Friday, May 30, 2008

Mt. Teneriffe (early season, some snow)

Quick facts
Driving distance from Seattle: less than 1 hour
Hiking distance (round trip): 14 miles (22.5 km)
Elevation gain: 4,000 ft (1,200 m)
Highest point: 4,788 ft (1,450 m)
Green Trails Map: 174
Permits: No permits or fees are currently required to park at the trail head.

This must be one of Seattle's best-kept hiking secrets. The trailhead for Mt. Teneriffe is just a mile past the giant parking lot for Mt. Si, yet very few people bother to do this hike despite fantastic views it offers (much better than what you can get from Mt. Si). Well, there might be some reasons for it---this hike is significantly tougher than Si: it's 14 miles long, the elevation gain is 4000 ft, and the last mile follows an unmaintained (but reportedly easy to follow) trail.

We did this hike in late May and, given the time of the year, we hit snow at 3400ft and several miles before the summit. The first 6 miles follow an old logging road. But do not be fooled: it's hardly comfortable. It's really steep (I do not know what kind of a vehicle could ever go up this thing) and very rocky. It starts gentle but after about a couple of miles it starts climbing up and doesn't really become any easier until you reach 4000 feet -- at that point the road loses a little bit of elevation as it skirts a valley and then it gently climbs up to reach a pass at 4200 ft. This is where the road ends. From there on, you need to follow the ridge east. The path (which we couldn't see because of the snow) starts really steep but after the first little summit it becomes a little more gentle. As you approach the real summit, bear a little right (south) and ascend the summit from that side because it is least steep.


View from Mt. Teneriffe[A spectacular view of nearby mountains opened up at around 3,800 ft]


The Manning and Spring book advertises good views at 3200 feet but we didn't really get any clear view until about 3800 ft. It seems that the young forest---growing in the place of the trees cut down in 1960's---has grown significantly taller in recent years and for most of the way one only catches glimpses of the surrounding mountains through the tangle of branches.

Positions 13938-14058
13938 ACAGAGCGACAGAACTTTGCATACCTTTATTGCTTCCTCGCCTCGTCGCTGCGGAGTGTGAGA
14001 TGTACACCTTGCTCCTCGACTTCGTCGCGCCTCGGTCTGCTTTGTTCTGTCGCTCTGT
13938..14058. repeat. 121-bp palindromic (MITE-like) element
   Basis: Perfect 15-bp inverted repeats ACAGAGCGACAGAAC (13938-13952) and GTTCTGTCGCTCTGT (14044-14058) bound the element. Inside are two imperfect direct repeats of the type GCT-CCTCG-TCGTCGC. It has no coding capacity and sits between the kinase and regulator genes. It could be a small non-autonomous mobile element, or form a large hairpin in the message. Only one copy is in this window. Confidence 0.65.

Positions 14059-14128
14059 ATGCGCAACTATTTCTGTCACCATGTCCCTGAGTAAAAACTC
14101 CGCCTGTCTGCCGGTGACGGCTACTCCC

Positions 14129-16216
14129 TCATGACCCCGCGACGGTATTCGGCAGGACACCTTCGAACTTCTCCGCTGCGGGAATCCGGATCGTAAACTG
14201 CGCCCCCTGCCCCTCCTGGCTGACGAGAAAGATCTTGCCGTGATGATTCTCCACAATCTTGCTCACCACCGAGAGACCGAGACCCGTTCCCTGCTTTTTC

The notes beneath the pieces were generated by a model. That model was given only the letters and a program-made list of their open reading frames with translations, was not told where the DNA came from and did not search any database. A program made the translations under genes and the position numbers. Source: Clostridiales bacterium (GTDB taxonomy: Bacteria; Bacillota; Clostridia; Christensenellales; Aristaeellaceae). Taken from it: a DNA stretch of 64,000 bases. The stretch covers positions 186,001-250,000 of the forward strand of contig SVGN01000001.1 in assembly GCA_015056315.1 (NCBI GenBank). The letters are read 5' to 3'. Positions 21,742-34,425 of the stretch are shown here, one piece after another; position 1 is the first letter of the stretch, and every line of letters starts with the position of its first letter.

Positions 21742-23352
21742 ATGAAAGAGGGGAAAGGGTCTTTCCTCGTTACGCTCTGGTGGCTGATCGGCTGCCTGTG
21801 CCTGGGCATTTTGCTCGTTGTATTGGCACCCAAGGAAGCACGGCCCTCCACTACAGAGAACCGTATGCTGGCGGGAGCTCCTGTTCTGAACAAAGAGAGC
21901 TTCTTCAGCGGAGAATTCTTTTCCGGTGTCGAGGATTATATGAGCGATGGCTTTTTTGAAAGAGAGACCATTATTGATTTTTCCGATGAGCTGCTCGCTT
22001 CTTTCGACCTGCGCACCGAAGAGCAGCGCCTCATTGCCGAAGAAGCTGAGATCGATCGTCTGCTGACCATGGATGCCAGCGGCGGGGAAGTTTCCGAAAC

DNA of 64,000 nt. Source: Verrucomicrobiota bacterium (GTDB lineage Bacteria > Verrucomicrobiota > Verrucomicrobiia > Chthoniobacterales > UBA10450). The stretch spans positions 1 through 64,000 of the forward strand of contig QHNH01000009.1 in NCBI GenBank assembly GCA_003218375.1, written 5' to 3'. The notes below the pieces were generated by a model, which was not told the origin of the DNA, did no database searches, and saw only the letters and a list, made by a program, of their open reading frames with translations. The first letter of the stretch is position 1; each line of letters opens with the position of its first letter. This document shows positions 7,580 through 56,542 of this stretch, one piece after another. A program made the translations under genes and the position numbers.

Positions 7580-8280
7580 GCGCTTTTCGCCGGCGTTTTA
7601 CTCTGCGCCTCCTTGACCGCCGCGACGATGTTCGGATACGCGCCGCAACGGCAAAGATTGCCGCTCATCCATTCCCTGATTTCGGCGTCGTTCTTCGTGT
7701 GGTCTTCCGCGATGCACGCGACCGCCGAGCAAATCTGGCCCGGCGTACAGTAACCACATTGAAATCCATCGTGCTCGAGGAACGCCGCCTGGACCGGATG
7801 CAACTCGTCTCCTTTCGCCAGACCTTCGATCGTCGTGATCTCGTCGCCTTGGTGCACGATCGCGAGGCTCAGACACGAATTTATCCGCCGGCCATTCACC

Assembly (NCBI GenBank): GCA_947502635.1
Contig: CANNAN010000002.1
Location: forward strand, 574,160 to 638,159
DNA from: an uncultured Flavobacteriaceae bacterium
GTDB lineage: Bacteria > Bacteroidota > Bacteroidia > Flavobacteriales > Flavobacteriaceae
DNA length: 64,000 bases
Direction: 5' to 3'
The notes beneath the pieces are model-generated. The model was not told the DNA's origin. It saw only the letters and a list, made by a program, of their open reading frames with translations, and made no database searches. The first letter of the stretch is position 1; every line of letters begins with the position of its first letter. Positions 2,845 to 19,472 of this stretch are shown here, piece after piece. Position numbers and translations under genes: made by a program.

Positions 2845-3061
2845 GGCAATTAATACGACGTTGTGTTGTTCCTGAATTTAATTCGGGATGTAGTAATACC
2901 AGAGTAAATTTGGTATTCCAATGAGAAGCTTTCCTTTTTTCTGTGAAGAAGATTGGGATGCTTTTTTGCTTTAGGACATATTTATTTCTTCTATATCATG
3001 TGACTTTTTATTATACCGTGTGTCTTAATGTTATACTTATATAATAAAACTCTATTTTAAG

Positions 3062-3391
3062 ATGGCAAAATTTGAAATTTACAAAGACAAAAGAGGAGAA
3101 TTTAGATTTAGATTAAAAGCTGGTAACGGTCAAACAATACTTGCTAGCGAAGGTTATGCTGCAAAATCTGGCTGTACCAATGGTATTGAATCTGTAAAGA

But at 3800 ft, the view really opens up and one gets to see Mt. Si with its Haystack, Mt. Rainier in the distance, and lots of other nearby mountains. We were lucky enough to hike on a day with low cloud cover so we were spared the uninspiring view of I-90 though we could still hear its faint roar coming from below.


Mt. Si as seen from the top of Mt. Teneriffe[View of Mt. Si from the top of Mt. Teneriffe]


From the summit one gets a full 360 degrees view and the sight of Mt. Si below makes it clear just how much taller Teneriffe is.

Driving directions
To get there from Seattle, take I-90 East to North Bend (about 30 miles from Seattle). Get off the highway on 436th Ave SE, going North into the town. When you cannot go straight any further, turn left on SE North Bend Way and shortly after turn right onto SE Mt.Si Road. Follow it for about 3 miles (after 2 miles you will pass the parking lot for the Mt. Si trail head). Eventually you will reach a school bus turn-around point on your right. The trail head for Teneriffe will be on your left: it is a small informal parking lot (big enough to accommodate perhaps a dozen cars) at an entrance to what seems like a permanently-barred former logging road. The map below may be helpful for getting customized directions.

View Larger Map

Resources
This hike is also described in Manning and Spring's 55 Hikes Around Snoqualmie Pass:





Labels: ,

4 Comments:

Blogger Carrameow said...

I wish you would continue this Blog. Its much more descriptive then most hiking journals and I've been following it very closely. I did Mount Serene. I've done Mount Si, I am going to do all of thse, becuase I trust your posts. I ordered several books you recommended but in the end I like your blog the best. Please continue to post more entries.

10:40 PM  
Blogger Carrameow said...

I wanted to Mt Teneriffe last weekend. I got to the trailhead and saw only two cars and decided against. It was raining pretty hard. I went and di Mt Si again..good idea because it was numbing cold at the top, and they showed me you just dont fool around /take chances
I am in good shape but i don't have much hiking or outdoor's experience. I like Mount Si for now because I can build stamina and experience and there's plenty of hikers around, but as I build experience I would like to do other less crowded hikes like Mt. Teneriffe.
Hopefully I can get some hikes in by the end of the summer at 5000ft gain..wish I had your email for guidance

10:47 PM  
Blogger Sundy said...

Exactly what i was looking for and a worthy compilation. Keep writing .

9:47 AM  
Blogger Sundy said...

This is what i thought - cool, worthy , informative. Please continue your effort.

9:49 AM  

Post a Comment

<< Home